The Long Lasting Effects of Negative Information
Just one occasion of negative information can induce long-lasting effects.
Posted February 16, 2012
Doctors recognize the power of negative thinking—and they want to change.
Long ago, before tort lawyers ruled the land, the family doctor knew how important it was to reassure and support patients. Physicians wouldn't dream of giving a treatment in a negative context because the power of suggestion (what we now call the placebo response) was respected as a healing factor. Fast forward to the modern era when doctors afraid of malpractice suits routinely give patients long lists of what might go wrong and often tend to err on the side of worst case scenarios.
Now along comes a wake-up call from the Department of Bioethics at the NIH basically telling doctors to stop being so negative. Deeply researched and thoughtful, the communication published in the vaunted Journal of the American Medical Association describes the potent effects of nocebos (negative suggestions) and calls for a new direction in the medical community that ethically takes into consideration the power of negativity. The communication sites some pretty astonishing research to back-up the authors' eye-popping assertion that "just one occasion of negative information can induce long-lasting negative effects."
Negative commentary from a health care provider—including doctors, nurses and front office staff (anyone who comes in contact with patients in the healthcare environment)—can effect a wide-range of physical responses from pain to impotence. In a paper published in the journal Pain, researchers found that clinical-trial participants have reported a wide variety of nocebo-fueled medical complaints, including burning sensations outside the stomach, sleepiness, fatigue, vomiting, weakness and even taste disturbances, tinnitus and upper-respiratory-tract infection.
Enough to scare any medical professional into communicating better is a study conducted on sexual dysfunction. In a study of men recieving the drug finasteride for benign prostatic hyperplasia, informing the men about the potential sexual dysfunction induced by finasteride—by saying, "It may cause erectile dysfunction, decreased libido, problems of ejaculation but these are uncommon"—produced 43.6% of sexual adverse effects vs 15.3% when the same adverse effects were concealed. It turns out the simple word "may," which no doubt sounded harmless enough to the providor, sounded quite threatening to the patient—enough to make some of them lose their mojo.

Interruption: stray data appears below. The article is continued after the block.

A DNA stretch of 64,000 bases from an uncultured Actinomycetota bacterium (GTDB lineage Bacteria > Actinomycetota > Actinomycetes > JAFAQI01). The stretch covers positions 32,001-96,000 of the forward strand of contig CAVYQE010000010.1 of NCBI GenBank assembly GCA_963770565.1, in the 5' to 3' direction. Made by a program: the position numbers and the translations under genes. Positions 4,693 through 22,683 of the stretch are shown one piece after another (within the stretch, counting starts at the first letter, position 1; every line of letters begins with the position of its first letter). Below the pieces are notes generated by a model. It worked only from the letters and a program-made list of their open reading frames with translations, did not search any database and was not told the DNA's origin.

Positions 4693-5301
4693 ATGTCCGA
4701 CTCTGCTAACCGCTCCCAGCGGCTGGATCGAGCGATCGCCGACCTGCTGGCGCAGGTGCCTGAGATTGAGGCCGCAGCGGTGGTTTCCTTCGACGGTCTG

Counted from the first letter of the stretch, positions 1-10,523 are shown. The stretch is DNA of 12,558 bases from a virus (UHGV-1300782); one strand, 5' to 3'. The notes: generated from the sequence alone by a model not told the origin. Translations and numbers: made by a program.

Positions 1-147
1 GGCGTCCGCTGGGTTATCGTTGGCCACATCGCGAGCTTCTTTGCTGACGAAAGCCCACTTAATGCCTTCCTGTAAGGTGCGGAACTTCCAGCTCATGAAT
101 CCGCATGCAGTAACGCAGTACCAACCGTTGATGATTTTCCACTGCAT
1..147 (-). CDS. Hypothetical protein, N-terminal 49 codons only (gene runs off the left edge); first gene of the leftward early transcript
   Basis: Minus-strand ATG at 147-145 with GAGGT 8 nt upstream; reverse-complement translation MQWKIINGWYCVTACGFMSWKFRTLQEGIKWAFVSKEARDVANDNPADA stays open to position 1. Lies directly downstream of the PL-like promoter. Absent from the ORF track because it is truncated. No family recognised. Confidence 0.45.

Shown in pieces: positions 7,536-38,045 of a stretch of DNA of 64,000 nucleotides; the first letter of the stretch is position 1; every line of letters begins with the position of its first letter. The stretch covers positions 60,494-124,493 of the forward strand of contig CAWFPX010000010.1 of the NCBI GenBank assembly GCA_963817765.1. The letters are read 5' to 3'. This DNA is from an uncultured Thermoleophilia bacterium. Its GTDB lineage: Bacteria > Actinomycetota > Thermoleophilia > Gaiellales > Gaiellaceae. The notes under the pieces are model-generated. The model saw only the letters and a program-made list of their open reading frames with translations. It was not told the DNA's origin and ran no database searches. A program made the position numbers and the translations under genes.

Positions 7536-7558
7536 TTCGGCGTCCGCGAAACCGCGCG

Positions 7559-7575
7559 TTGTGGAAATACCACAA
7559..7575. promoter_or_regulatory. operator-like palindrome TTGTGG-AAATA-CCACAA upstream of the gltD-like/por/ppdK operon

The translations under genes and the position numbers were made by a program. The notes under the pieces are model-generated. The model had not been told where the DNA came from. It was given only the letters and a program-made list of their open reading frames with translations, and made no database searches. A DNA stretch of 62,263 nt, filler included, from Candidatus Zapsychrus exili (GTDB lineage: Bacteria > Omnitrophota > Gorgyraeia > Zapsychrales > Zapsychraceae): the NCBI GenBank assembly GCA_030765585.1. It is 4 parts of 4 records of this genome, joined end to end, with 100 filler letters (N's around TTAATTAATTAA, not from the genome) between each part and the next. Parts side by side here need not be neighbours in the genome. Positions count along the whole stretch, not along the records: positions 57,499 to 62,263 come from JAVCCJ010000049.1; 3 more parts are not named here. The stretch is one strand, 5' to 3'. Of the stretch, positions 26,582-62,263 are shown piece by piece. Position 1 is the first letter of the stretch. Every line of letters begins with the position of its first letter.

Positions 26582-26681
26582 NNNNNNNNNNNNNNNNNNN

No one is suggesting people not be informed of potential side-effects, but there are ways to do it that will cause less harm. Rather than merely delivering general lists of specific adverse effects the JAMA authors suggest, "clinicians should incorporate in their communication positive framing and percentage formats as opposed to negative framing and frequency format." In other words, the exact stastic—i.e. saying this happens to 2% of people—is more reassuring than hearing it's "a possiblity." Think specific information as opposed to doomsday scenarios.
The biological mechanisms to explain the nocebo—or even for that matter the placebo—are not well understood. Since the late 1970s advances in neuroscience research have been able to show that the brain produces its own pharmacy, it's able to secrete substances similar to morphine and heroin to a name a couple. And research has established that some individuals' "brain pharmacies" are more susceptible to suggestion than others.
But this doesn't explain clearly why ailing patients who are mistakenly informed that they have only a few months to live have died within their given time frame, even though postmortem investigations show that there was no physiological explanation for early death. Possibly nocebos pull the rug out from under the body's attempts to self-heal.
In any case, framing a concept more positively is an easy way to help a person heal. Wouldn't it be wonderful if everyone in your doctors' office—from the person who makes your appointment to the person who takes your payment (and yes, the doctor him or herself)—actually believed in you and your ability to heal. What a pleasure it would be to visit that office.